“It seems in Oregon lean times means it’s time to close parks and lay off police while fat cat bureaucrats whine about fewer leadership retreats and Florida seminars.”

      Arizona, California, South Carolina, lot of other states are closing parks and laying people off. Oregon has not closed parks. Travel for seminars and training has been suspended in most states, I believe Oregon included. This suspension hurts many private businesses by the way, including airlines, hotels, and restaurants, leading to yet more layoffs and yet less tax revenue.

      “The simple logic is if the state revenue stream stays stable during an economic downturn then the citizens are paying a higher percentage of what they have left.”

      The logic is simple but not accurate. A huge part of the last budget was due to the federal stimulus. The Feds can and do print money to help bridge recessions.

      “Are citizens here to service the public sector or is the public sector here to service the citizens?”

      Both. As citizens we have obligations to the state and the state has obligations to us. We don’t get to stop sending them money just because our incomes may be down. And if we are in trouble they have an obligation to help. Its a 2 way street.

      “To me it’s just another small piece of evidence that the public sector feels entitled and expects us to pay whatever it takes ”

      Your “evidence” is based on your false assumptions. When you pile assumption upon assumption and consider that as amounting to evidence for your pre-conceived position, that is self delusion, not a case.

      “That kind of attitude will cause the sale of pitchforks to rise. ”

      And that kind of attitude puts you pretty close to sedition. Advocating the armed overthrow of your government is illegal.

      • Steve Plunk

        Really? More blaming Bush for every problem? Get over it please. The headlines today mention Obama’s government running up debt to the tune of $5 billion a day. This is the road to ruin.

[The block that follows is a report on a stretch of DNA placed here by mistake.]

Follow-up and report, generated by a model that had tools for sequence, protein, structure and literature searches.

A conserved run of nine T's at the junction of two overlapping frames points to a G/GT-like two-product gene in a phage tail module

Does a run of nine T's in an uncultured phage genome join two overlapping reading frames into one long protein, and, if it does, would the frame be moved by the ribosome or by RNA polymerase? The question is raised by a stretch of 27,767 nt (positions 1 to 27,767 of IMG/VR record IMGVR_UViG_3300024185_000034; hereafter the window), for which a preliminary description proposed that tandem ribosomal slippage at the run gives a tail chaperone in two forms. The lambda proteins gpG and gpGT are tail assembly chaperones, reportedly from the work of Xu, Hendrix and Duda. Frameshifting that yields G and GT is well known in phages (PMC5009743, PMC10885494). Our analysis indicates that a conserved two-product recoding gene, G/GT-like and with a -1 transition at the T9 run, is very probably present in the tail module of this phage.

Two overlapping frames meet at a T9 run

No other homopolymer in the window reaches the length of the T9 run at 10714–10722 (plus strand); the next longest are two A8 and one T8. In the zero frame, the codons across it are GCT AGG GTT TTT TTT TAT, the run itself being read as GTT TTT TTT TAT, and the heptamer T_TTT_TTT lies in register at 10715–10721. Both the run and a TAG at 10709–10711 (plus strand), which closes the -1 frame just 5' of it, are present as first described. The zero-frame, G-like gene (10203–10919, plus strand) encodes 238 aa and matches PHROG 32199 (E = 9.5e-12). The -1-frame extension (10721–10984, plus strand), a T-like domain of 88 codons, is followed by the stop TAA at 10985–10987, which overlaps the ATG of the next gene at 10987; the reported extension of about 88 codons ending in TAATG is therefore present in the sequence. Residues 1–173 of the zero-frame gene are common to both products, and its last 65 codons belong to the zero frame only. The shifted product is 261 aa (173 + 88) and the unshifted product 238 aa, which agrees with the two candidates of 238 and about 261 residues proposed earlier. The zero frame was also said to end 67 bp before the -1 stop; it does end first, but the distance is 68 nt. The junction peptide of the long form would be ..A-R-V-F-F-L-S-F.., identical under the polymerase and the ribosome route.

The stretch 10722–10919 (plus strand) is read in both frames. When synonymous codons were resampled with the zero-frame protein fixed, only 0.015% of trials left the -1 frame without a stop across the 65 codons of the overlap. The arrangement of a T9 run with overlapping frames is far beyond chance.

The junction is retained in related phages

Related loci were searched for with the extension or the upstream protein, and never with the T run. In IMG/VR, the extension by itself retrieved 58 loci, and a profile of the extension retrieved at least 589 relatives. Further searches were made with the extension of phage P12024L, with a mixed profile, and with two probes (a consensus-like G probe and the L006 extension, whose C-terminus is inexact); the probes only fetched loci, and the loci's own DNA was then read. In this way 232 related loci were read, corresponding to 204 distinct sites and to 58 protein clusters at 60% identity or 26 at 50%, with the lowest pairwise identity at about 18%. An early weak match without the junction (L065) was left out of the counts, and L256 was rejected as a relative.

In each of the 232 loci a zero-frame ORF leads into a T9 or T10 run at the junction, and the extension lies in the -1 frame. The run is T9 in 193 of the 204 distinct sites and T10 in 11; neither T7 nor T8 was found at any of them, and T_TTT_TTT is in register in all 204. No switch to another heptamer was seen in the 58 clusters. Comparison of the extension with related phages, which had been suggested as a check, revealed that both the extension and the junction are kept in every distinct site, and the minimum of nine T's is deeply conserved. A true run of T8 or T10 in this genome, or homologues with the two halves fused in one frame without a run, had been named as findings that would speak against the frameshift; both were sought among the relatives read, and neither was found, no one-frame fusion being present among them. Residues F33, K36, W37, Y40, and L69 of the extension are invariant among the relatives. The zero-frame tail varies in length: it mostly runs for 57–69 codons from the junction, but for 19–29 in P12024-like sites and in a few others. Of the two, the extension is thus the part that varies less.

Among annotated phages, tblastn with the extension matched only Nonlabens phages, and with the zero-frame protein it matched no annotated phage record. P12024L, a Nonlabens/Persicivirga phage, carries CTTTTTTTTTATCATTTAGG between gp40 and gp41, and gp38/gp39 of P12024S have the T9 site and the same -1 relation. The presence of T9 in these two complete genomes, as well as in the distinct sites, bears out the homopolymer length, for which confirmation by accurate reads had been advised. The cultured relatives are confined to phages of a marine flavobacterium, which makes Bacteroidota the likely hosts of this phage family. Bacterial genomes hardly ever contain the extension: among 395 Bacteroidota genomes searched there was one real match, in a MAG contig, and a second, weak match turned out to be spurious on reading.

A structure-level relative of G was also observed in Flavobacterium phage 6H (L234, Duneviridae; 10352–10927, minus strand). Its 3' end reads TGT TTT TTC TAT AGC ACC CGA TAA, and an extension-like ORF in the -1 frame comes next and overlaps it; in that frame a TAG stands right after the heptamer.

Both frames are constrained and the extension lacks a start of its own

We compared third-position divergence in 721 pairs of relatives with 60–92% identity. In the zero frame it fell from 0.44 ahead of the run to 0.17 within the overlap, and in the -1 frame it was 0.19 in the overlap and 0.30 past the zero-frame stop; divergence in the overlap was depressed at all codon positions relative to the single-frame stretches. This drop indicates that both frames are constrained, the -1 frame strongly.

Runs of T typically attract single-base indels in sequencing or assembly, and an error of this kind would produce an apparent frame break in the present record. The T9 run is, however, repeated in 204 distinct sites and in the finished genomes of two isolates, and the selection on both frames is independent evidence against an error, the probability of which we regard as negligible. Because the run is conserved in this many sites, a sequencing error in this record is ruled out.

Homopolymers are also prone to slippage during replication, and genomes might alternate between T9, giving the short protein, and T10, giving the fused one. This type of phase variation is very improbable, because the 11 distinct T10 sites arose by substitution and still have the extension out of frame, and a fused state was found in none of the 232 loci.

The kicker is in place to return the excess collections during good times back to the taxpayers. Those excess revenues over 2% are sent back. The legislature could have been setting aside that money or even budgeted the rainy day fund. The kicker is not the problem spending is. Look at the chart in the other thread. There are other ways to prepare for a recession like not increasing spending the way the state did. Tax and spend policies have nearly bankrupted us and corrupted the political system.

        You have tried in vain to counter my statement but any fair appraisal shows you woefully short. Sedition? Using a common illustrative political metaphor is sedition? Your pompous ignorance is fully on display with that comment. How far we have come since Jane Fonda could sit on an anti aircraft gun pointed at US airmen and not be charged with treason to my mention of angry citizens with pitchforks as seditious. You liberals are hypocrites.

        We will keep sending our money because if we don’t we risk jail but the fact remains when economic downturns occur the government should tighten it’s belt just as we do. My evidence of the public sector’s failure to serve citizens is not only my experiences over the years but my fellow citizens experiences. It’s not preconceived but rather built upon observation and participation in government for more than 20 years. The natives are restless (that’s an often used phrase as well) and expect changes in the way government does business. It starts with respect for citizens and no presumption government comes first.

        • Anonymous

          Attributing “pompous ignorance” to his noting of your comment, which comes pretty close to a veiled threat of violence, is rather infantile. Yes, it’s a common “metaphor”. It’s getting close to the line, and anyway it’s not too smart when suspicions are already pretty high. It’s also infantile, as is judging the effect of your own argumentation. You think you’re a killer debater, don’t you? You must be, since you judge yourself so.

          However, you might mull over the complete lack of effect of you and your friends.

      • Ron Marquez

        …..”And that kind of attitude puts you pretty close to sedition. Advocating the armed overthrow of your government is illegal.”…..

        Valley p…..I hadn’t planned to get in the middle of this back and forth but to call Steve’s comment “pretty close to sedition” is just plain absurd. Conservative humor maybe but sedition never.

        • valley p